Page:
Figure 7. (a) Plan view, and (b) and (c) photographs, of triplet sensor (containing three narrow field of view (6°) sensors, one NIR (800 nm), one R (660 nm) and an infrared thermometer (Calex 101A) to estimate temperature of different plants with differing chlorophyll contents; (d) Output of sensor during transect of the pots shown in (c), where the red line represents measured temperature at any point, the blue line represents the fveg (expressed here as a percentage) calculated from the R and NIR sensors, and the blue squares represent calculated temperatures for any reading where fveg > 50%.
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An interesting alternative approach [32] has been proposed that makes use of the differing temperature response in the short-wave thermal infrared (3.55–3.93 μm) and long-wave thermal infrared (10.5–11.5 μm) bands of the AVHRR sensor on the NOAH-6 satellite. Because the radiation emitted in the short-wave thermal band increases much more rapidly with increasing temperature than does that in the long-wave band, these authors showed that it was possible to identify sub-pixel high temperature sources from satellite images and to estimate both their temperature and the size of the source. Unfortunately, this approach is not in general applicable to crop phenotyping as it requires measurements to be made at night (because the short-wave thermal bands is subject to interference by solar radiation during the day) and because the temperature differences between crop and background tend to be small (less than 20 K) as compared with the situation discussed by Matson and Dozier where temperature differences were more than 175 K [32].

3.2. Spatially Precise Sub-Pixel Approaches (Dis-Aggregation)

As we have seen, in most cases, both when using thermal imagery and when using spot thermal sensors, the ifov often covers a heterogeneous area that is not pure leaf. Methods for extraction of the component temperatures, but without any sub-pixel spatial information, have been outlined above. It can also be possible to derive spatial information at a sub-pixel scale if we have appropriate additional spatial information. The two main possibilities are (a) data fusion and (b) oversampling.

3.2.1. Data Fusion

This widely used approach involves combining a lower spatial resolution thermal image with finer spatial resolution data, such as from a multi- or hyperspectral image (for further details see any remote sensing text, e.g., [5,11]). The general method is illustrated in Figure 8 where temperature in thermal pixels over an appropriate area is regressed against the corresponding aggregated average fveg from the corresponding high resolution pixels. The temperature for each high resolution sub-pixel is then estimated (Figure 8—top right) from this regression line (Figure 8—bottom right) using the appropriate fveg for that sub-pixel. This approach was developed by Kustas and colleagues [33] and has been successfully applied to the disaggregation of low spatial resolution (approximately 5 km) GOES satellite thermal data by the use of high spatial resolution NDVI data obtained from aircraft. A key requirement for this approach is an ability to overlay accurately the thermal and spectral images; although readily achieved at the satellite scale, this process can be imprecise where there is a parallax error as when different images are taken from different positions, as is common in field phenotyping situations where images frequently need to be obtained at close range (1–2 m) with thermal cameras where the visible image is offset from the thermal by perhaps 5 cm.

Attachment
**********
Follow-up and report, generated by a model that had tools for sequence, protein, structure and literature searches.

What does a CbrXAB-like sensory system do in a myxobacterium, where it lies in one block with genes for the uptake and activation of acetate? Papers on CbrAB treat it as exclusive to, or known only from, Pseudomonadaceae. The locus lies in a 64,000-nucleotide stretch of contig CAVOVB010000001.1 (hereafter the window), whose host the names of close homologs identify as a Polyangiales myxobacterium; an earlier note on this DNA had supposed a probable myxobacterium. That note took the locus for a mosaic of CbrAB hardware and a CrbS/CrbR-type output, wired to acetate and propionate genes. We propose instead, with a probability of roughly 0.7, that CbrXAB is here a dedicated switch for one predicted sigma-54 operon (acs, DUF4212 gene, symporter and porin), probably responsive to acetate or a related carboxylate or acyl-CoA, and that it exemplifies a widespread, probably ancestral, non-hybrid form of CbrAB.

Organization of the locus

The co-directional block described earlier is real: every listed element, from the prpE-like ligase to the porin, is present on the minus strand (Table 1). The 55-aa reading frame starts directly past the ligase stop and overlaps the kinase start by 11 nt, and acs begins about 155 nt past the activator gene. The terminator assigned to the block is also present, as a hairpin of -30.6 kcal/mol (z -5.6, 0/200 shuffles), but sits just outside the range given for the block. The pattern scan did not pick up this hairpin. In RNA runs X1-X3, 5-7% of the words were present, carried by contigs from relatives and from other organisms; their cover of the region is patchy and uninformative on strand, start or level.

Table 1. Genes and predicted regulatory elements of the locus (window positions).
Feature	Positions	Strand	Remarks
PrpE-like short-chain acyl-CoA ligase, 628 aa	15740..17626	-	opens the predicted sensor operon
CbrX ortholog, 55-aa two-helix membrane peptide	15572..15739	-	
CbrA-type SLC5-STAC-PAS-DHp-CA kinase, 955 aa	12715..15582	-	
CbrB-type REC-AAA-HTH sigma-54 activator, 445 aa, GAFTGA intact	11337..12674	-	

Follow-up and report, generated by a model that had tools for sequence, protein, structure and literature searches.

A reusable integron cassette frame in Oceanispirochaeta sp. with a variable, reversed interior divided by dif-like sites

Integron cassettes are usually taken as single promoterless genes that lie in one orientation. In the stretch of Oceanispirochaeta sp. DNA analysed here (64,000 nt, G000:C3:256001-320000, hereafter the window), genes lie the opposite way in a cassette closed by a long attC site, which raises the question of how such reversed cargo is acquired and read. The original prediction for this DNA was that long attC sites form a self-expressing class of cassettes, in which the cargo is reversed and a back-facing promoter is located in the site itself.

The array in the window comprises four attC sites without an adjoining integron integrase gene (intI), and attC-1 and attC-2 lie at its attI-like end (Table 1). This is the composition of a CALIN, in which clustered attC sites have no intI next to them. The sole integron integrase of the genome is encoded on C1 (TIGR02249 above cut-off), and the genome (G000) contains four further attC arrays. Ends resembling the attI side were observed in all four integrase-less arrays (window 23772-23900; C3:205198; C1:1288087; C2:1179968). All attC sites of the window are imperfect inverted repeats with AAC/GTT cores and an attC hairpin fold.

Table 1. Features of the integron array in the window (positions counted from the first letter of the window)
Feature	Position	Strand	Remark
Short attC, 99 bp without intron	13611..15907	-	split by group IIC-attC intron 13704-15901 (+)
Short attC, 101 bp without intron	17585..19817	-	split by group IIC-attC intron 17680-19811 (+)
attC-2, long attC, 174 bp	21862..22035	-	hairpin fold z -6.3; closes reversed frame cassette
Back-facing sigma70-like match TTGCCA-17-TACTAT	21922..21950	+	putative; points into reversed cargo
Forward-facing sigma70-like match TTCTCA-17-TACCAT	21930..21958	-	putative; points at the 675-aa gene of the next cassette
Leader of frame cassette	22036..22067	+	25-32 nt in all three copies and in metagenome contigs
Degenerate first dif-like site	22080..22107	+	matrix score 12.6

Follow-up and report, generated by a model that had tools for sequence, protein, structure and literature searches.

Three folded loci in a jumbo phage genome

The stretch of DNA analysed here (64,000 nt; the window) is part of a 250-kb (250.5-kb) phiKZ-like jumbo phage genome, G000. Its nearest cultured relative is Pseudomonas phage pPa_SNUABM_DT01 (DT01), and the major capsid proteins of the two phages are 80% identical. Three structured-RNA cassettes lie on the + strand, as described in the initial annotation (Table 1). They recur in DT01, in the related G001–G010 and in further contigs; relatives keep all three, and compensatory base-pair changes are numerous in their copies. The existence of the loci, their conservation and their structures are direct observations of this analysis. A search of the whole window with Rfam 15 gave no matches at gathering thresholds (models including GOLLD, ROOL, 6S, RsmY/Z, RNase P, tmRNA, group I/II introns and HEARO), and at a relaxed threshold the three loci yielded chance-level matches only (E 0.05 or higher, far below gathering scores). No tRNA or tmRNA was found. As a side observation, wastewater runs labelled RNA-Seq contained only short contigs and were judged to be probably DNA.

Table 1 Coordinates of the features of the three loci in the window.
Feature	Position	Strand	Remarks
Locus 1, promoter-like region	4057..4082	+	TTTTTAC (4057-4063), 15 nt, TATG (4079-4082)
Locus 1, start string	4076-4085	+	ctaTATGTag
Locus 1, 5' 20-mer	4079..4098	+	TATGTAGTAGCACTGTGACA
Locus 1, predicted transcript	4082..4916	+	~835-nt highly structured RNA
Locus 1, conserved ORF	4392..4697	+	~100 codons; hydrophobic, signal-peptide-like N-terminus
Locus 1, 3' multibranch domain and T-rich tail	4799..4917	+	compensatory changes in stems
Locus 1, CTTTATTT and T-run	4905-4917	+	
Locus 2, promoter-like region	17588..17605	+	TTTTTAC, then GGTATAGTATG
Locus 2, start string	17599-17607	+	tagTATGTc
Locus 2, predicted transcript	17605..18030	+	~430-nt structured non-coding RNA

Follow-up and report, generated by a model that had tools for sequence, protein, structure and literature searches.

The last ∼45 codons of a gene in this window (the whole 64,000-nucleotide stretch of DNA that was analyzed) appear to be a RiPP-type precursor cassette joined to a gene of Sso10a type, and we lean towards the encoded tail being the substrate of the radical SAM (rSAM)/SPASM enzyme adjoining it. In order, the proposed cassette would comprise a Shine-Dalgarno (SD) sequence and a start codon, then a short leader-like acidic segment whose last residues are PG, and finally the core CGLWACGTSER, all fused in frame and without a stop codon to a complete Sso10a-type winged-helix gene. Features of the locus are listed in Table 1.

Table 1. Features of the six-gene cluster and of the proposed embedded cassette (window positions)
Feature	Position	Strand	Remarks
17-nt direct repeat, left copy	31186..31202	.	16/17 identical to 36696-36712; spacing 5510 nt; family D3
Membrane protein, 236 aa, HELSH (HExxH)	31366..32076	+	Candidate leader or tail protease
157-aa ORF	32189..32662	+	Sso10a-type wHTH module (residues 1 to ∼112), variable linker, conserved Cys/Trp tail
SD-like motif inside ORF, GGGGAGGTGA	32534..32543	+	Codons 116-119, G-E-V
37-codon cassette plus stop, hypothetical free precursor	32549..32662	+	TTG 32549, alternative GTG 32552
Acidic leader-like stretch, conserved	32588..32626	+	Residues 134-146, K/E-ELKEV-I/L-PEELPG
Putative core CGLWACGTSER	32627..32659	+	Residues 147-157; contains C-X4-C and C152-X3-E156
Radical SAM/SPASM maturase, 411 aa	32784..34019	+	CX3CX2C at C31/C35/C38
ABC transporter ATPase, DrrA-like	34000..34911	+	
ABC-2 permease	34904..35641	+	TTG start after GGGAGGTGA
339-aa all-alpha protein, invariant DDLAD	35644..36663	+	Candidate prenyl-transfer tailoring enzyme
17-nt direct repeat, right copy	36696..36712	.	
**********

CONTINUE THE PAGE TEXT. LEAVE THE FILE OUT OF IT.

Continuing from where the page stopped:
Figure 8. An illustration of the process of image fusion for the derivation of a higher resolution temperature map (top right) from a low resolution map and a high resolution vegetation cover map, by the use of an assumption regarding the relation between vegetation cover and temperature (as shown in the bottom right image).
Figure 8. An illustration of the process of image fusion for the derivation of a higher resolution temperature map (top right) from a low resolution map and a high resolution vegetation cover map, by the use of an assumption regarding the relation between vegetation cover and temperature (as shown in the bottom right image).
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3.2.2. Oversampling (or Image Deconvolution)

A technique, variously called oversampling, blind deconvolution or super-resolution imaging, originally developed for astronomical studies, potentially allows one to increase the effective spatial resolution from sub-pixel movements of the sensor (see e.g., [34,35,36]). In its simplest form, the approach is based on the oversampling algorithm where, for example for the case of sub-pixels half the linear dimensions of the full observed pixel, the calculated value (Vn) the nth sub-pixel in a linear vector is given by: